Because our world is rooted in language and linguistic explanations of the things we observe, there is a need that is fulfilled by talking about art in terms of reference. This is the way we have cultivated explanation, and while it may represent authentic meaning, it is our public and accepted way of explaining the world around us. While it may sound rigid, there are analytic philosophers such as W. V. Quine who are comfortable with admitting that there is not fact of the matter to translation; it is indeterminate. Quine accepts that there is ostensive relativity, meaning that several hypotheses for meaning could all be correct even if they are incompatible with one another. This is especially relevant to the discussion about whether or not art is translatable because, where Wittgenstein wants to argue that it is not translatable, Quine’s theory accepts this and yet says that regardless of whether genuine translation is possible, we as a society are going to attempt to translate art. When we do so, it seems that the only way to accept a linguistic translation is on the model of indeterminacy and ostensive relativity. People’s articulations of the meaning of art will be different, but since the “true” meaning cannot be translated anyway, there is not a right or wrong linguistic interpretation.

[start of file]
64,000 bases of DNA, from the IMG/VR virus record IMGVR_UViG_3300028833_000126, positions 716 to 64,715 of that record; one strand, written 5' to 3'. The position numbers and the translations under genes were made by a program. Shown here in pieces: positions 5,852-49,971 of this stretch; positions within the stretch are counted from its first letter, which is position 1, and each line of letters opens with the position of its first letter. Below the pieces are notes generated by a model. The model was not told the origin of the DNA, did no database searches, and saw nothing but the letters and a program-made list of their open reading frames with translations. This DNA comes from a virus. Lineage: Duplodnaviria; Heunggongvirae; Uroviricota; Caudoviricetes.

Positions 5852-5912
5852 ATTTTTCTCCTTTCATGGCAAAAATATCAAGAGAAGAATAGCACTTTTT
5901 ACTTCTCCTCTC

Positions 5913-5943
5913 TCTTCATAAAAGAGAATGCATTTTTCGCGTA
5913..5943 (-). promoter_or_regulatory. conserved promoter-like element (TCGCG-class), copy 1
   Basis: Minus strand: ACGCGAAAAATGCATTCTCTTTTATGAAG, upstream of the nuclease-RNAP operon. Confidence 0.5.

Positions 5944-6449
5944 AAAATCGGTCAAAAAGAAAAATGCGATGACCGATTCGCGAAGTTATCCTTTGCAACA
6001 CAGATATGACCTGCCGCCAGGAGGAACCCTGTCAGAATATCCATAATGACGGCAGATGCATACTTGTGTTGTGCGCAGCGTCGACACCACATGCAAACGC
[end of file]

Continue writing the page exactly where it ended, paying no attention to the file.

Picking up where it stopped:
The problem arises not in trying to say that artistic meaning is not a private language, but in trying to draw certain parallels between the two and use the same arguments against artistic meaning that are used against private language. There is something that makes art its own game entirely different from any other. This is uncomfortable because we want to be able to talk about art, and in some sense we can, but to do so is to try to translate something that is not translatable. The best we can do with language games is to contextualize art in terms of parallels to other things in the world for which we have words, but to truly “talk” about a work of art one would have to respond somehow in the same medium or possibly on some sort of intuitive level. This is a game that our culture does not work towards developing (and indeed it may be that only certain people-“artists”-have this capacity.) Wittgenstein was closest to genuine aesthetics in the Tractatus-we just can’t talk about the things that really affect us and still give credit to their true meaning. It’s fine to give linguistic meaning to things and to draw parallels-this is the intellectualization that is accepted by our society and it is our way of quantifying experience. As long as we understand that this way of doing things is not necessarily authentic-there is something underlying aesthetics that is undefinable, incomprehensible and impossible to conceptualize through the mind. It must be passed over in silence.


Grayling, A. C. Wittgenstein. New York: Oxford University Press, 1998.

Hagberg, G. L. Art as Language: Wittgenstein, Meaning and Aesthetic Theory. Ithaca: Cornell University Press, 1995.

Rhees, Rush, Yorick Smythies, and James Taylor. L. Wittgenstein: Lectures and Conversations on Aesthetics, Psychology and Religious Belief. Ed. Cyril Barrett. Los Angeles: University of California Press.

Wittgenstein, Ludwig. Philosophical Investigations. Trans. G. E. M. Anscombe. Englewood Cliffs: Prentice Hall Press, 1958.
---. Tractatus Logico-Philosophicus. Trans. D. F. Pears and B. F. McGuinness. New York: Routledge Press, 1961.